EARLY HOLLYWOOD

Lupe Velez- (1908-1944)

María Guadalupe Villalobos Vélez was born in San Luis Potosí, Mexico on 1908. One out of five children, Velez was said to be aggressive and impulsive so she was sent to study at Our Lady of the Lake in San Antonio, Texas. She began her career in Mexico in 1924 and later emigrated to Hollywood where she was picked for the film The Gaucho (1927). She became so popular that the “Mexican Spitfire” was written around her. By the age of 21 she had already done over 10 films. She was known as one of the first Latina women to make it in Hollywood opening the doors for Latinas. Although constantly portraying love scenes her personal life was the opposite and  she sadly took her life at the age of 36 for still unknown reasons.

Carmen Miranda (1909-1955)

Born in Marco de Canaveses, Portugal in 1909 The Portuguese Brazillian samba singer, Carmen Miranda was born as Maria do Carmo Miranda da Cunha. Most commonly known as the “Brazillian Bombshell” she was a singer, dancer, Broadway actress and film star!  Making her stardom in Brazil her talent lead to Broadway and soon Hollywood. Her first film in Hollywood was Down Argentine Way in 1940. She is recognized by the signature fruit hat she wore in American movies in specific The Gang’s All Here (1943). Soon she became the highest paid woman in the United States. Her death came from a heart attack in Beverly Hills at the age of 46.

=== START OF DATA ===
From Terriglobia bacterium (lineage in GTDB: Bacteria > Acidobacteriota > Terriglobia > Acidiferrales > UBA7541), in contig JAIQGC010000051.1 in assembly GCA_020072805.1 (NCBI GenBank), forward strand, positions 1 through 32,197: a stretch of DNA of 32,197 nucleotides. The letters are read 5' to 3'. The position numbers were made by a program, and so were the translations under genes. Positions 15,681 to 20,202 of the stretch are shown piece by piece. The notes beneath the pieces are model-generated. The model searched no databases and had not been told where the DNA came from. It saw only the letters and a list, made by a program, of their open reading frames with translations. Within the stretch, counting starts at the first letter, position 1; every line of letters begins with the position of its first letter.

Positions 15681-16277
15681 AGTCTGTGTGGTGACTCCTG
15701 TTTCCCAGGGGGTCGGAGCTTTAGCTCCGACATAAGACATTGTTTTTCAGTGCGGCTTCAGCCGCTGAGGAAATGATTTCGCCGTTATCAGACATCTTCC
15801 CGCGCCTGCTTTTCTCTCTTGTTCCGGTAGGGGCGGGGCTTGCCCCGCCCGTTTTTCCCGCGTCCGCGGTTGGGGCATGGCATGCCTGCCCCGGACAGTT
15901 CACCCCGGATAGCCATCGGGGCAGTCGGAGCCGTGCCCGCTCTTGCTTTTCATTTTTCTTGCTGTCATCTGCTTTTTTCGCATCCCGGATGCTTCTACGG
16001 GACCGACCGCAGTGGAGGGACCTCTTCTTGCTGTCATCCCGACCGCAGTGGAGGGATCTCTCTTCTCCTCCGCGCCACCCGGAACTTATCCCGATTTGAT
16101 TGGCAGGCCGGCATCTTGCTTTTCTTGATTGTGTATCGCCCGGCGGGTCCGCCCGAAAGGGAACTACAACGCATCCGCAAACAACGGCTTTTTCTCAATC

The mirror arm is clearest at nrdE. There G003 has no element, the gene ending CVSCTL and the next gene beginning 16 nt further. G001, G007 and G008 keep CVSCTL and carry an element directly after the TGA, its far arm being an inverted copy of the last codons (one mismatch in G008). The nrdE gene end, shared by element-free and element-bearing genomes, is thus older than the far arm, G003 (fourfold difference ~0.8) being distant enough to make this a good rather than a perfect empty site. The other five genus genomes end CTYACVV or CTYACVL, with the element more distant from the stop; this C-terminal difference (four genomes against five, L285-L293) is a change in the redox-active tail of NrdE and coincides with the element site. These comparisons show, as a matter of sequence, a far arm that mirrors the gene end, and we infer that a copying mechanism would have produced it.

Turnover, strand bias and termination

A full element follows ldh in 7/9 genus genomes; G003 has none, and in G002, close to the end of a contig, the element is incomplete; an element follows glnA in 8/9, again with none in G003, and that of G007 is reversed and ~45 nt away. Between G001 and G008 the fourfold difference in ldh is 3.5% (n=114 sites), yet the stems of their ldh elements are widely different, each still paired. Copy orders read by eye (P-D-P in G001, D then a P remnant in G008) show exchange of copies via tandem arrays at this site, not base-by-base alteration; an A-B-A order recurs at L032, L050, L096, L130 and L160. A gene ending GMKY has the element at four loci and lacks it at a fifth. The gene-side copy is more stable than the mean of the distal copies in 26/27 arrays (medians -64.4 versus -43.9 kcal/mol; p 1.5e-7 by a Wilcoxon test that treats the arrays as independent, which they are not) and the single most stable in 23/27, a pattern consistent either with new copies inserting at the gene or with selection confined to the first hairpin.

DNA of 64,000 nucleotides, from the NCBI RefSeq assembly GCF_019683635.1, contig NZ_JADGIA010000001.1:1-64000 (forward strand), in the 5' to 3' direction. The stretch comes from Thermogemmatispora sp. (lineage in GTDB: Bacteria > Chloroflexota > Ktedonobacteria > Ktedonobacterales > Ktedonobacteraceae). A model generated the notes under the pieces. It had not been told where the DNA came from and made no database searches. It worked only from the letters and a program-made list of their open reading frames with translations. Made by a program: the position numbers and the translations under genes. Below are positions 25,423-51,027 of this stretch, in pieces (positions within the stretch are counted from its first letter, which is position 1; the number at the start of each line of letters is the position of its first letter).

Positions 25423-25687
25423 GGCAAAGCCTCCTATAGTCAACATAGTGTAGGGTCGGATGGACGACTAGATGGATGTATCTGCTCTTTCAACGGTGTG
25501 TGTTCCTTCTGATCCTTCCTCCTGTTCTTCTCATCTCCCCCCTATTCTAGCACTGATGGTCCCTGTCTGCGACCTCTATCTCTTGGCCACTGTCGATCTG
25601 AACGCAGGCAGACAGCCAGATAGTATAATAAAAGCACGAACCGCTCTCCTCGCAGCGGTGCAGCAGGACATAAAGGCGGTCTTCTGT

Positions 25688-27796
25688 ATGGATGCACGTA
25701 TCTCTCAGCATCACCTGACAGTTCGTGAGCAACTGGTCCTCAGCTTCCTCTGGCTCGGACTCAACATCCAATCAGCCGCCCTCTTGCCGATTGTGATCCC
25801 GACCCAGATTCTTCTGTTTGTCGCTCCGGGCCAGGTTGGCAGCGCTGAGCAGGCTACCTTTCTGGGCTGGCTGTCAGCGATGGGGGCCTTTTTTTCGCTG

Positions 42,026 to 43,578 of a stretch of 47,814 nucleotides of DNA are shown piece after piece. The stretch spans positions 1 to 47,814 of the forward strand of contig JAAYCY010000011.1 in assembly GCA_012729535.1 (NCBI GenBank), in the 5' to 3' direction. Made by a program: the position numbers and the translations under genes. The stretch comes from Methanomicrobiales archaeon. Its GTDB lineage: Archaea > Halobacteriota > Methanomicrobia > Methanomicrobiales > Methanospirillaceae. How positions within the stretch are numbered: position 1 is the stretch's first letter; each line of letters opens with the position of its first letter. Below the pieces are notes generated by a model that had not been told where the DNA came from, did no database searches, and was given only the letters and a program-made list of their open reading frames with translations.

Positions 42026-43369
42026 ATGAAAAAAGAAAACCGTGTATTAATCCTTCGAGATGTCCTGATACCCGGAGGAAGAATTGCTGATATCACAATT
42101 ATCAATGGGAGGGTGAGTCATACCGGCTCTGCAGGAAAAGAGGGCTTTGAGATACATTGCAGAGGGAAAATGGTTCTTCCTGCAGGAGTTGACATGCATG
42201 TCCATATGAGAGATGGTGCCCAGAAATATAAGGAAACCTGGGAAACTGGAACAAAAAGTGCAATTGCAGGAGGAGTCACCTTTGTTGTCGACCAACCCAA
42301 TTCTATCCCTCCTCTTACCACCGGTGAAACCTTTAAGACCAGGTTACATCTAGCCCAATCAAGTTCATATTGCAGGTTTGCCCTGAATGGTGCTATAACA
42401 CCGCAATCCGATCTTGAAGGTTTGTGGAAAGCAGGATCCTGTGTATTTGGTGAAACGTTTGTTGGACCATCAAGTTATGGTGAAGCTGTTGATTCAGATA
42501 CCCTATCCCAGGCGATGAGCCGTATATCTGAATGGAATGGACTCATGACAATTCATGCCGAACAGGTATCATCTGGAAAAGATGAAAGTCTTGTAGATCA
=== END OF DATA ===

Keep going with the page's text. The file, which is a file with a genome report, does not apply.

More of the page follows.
Dolores Del Rio- (1905-1983)

The Mexican actress was born in Durango, México in 1905 as María de los Dolores Asunsola y Lopez Negrete. She married at the young age of 16 to Jaime Martinez, 34 and had a two year honeymoon in Europe. Later she moved to the United States where her career in singing and acting took off as she made her debut in the film Joanna. She soon continued to play roles in silent films becoming one of the most important female figures in Mexican Cinema. Jumping from Mexico to the United States for roles, she even worked with Rock n’ Roll Star Elvis Presley in Flaming Star. Winning an Ariel Award for best actress her life ended due to multiple health issues.

WONDER WOMAN

Lynda Carter- (1951- )